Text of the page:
Reader: Dear Publishers of the Jewish Times,
As a Ben Noach, I appreciate very much your article in the JewishTimes of Dec. 16th for the Noachides about the Sabbath. As family we kindle one candle at Friday sundown and pray to thanks Elohim for His creation and the sanctification of the seventh day. And we pray that Israel may keep The Sabbath in shalom and a good manner and also all the Jews in the Diaspora. At Saturday sundown we do the same but we thanks Adonai that He will work again in the universe to keep it alive and expand it and we thank Him that His people the Jews kept the Sabbath. At Saturday we work (we work in the garden, we cook food, we do the laundry, we drive our car to visit the shul, etc.) Is there something wrong with that? Is it wrong to commemorate that Hashem rested on the Seventh day?
Mesora: According to Jewish law, a gentile must not observe the Sabbath, as we have explained, and to which, you admirably adhere. I commend you on your philosophical outlook, and your actions to commemorate the Sabbath. For by doing so, you too recognize in a permitted manner, the Sabbath, the Creator and His Sabbath institution. There is no contradiction for your performance of work on Sabbath, together with your commemoration. For law forbids your complete rest, but human perfection allows for your recognition as well.
Reader: Why do I have to believe in God as the Bible sees God? Why can’t I believe in what God, is based on my own experiences? Why are writings from ages ago necessary? Didn’t they believe that the world was flat?
Mesora: The answer is precisely for the very same reason you do not administer your own injections, but take counsel from a physician: you recognize that greater knowledge is available, aside from your own experiences and conclusions. We are not born with all the answers. Your very question here attests to you belief in this truth. Writings from long ago, or from today, may afford your increase in what is real and true, and simultaneously, your abandon from falsehood. Although we realized the Earth is a globe, and previous views were wrong, shall we discount all else that we learned from others, which remains true? Not only do others teach us great amounts of knowledge, one cannot live practically without relying on second hand knowledge. If we only believe what we witness, we will not trust doctors, or any professional claiming knowledge in any area. We cannot eat in someone’s home, lest he lie about being a Jew. We cannot send our children to school, maybe all the teachers are liars and are not educated. Finally, if you are only convinced of your own, subjective experiences, and you are sure it is true, why, according to your view, would it be wrong for another person to agree with “your” experiences? But you must claim he is wrong, for he is not following “his” experiences, but yours. This view is self-contradictory and must be abandoned.
Reader: How did God create the physical world?
Mesora: If we knew that, we would be God. Man will discover much in his life, and in the lifetime of mankind. However, whatever knowledge we obtain, is but a drop in the sea of all knowledge. We are limited by design, and are limited in our thinking as well. We realize when we know truths, and when we do not know. We also realize when we CANNOT know something. Since our minds function according to cause and effect, and prior to creation, cause and effect did not yet exist, we cannot know how God created “something from nothing.” (We are trying to breathe under water, in a sense.) Yet, He did somehow, for nothing physical can create itself, nor did it exist always. Matter cannot be infinite in size, or in time. Something - God - must have created the universe, for it too cannot create itself. But in this lifetime we will not know how God created the physical world.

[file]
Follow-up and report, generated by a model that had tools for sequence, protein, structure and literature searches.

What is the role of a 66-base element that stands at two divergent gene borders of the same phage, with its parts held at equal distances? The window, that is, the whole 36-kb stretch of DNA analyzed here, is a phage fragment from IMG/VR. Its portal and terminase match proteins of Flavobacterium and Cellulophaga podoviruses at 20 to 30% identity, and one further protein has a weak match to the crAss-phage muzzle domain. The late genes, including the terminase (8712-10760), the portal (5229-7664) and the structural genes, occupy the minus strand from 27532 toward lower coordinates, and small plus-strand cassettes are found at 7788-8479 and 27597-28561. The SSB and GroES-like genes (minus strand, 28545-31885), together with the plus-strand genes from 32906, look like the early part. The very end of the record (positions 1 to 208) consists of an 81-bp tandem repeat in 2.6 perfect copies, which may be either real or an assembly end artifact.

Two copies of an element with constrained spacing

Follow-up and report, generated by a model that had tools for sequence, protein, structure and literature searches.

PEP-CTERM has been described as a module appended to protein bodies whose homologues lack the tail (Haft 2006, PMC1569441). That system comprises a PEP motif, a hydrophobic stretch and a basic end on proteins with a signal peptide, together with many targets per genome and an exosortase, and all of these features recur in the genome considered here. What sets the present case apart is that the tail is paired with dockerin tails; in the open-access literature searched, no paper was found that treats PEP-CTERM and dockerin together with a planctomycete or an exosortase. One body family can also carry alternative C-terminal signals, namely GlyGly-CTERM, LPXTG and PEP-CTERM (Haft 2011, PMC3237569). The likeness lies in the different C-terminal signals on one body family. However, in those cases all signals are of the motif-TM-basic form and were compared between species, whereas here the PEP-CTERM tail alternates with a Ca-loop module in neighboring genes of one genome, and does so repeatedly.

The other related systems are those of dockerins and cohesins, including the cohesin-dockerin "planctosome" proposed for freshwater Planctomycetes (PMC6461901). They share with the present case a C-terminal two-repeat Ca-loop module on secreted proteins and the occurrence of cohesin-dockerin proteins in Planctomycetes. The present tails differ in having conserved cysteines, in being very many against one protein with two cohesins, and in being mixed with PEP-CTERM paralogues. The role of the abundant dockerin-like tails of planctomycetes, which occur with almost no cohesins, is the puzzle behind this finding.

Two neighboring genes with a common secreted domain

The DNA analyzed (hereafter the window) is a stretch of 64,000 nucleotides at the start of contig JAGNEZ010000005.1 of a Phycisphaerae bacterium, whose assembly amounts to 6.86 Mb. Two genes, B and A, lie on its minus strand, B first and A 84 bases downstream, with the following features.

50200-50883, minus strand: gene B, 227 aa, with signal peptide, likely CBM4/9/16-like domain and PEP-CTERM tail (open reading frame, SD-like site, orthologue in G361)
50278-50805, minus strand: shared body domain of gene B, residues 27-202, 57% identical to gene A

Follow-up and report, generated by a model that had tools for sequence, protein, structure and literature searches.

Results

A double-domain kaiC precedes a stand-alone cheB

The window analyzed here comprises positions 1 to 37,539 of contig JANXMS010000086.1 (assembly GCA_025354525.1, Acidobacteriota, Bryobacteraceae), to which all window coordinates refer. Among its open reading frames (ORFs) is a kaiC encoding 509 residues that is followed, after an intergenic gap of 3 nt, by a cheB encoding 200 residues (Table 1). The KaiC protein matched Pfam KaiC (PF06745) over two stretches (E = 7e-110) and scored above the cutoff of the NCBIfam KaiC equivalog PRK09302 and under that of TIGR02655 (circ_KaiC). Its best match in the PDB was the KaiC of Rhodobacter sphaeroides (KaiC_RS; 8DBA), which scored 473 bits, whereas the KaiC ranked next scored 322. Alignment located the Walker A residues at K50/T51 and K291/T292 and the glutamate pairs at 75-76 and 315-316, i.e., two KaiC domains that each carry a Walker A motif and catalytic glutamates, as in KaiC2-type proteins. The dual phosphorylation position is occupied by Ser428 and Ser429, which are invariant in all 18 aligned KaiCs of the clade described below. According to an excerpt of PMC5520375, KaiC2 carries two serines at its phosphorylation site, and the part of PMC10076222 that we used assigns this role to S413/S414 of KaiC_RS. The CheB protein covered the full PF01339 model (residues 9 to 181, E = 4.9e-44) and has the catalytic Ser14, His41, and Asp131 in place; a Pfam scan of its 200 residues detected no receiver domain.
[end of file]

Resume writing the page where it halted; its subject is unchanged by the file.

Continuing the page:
“And when Abram was ninety years old and nine, the Lord appeared to Abram.”
“And the Lord appeared unto him [Abraham] by the terebinths of Mamre, as he sat in the tent door in the heat of the day, and he lifted up his eyes and looked, and, lo, three men stood over against him.” (Genesis 18)
From these passages and other passages regarding Moses and more on Abraham, the Lord “APPEARED” to man in a form that could be seen.
Mesora: You have interpreted the Torah without reading it entirely: (Numb. 12:6) “I appear to prophets in a dream or vision.” (Paraphrased) This means all prophets but Moses experienced “visions” or “dreams” since God is not physical, and thus, cannot be perceived by the senses. Even Moses did not “see” God for this very reason: God is not, and cannot become physical. Furthermore, God predates the physical world, and created it. Therefore, He cannot not be physical.
Reader: Reading further in Genesis 18 the text is even more specific that the Lord appeared to Abraham in a physical form that could eat food Abraham prepared for Him, drink, talk and had feet for Abraham to offer to wash.
Mesora: Assuming God to be physical is a sin, which forfeits one’s Olam Haba, “World to Come”. Offering your own explanations, which contradict the Torah, violates the Torah’s demand of referring to the “Torah She B’Al Peh” the Oral Law. Not one of the Rabbis or Sages throughout history accepted that God is physical, but they unanimously denied such an imagined notion. Many of these greats, including Maimonides and Unkelos went out of their way to explain seemingly anthropomorphic understandings of God. It is mandatory that you refer to their writings, and understand why minds far greater than we, went to such lengths to avoid any corporealization of God. Additionally, as God created the physical world, He must not be subject to its laws or features. He cannot be physical.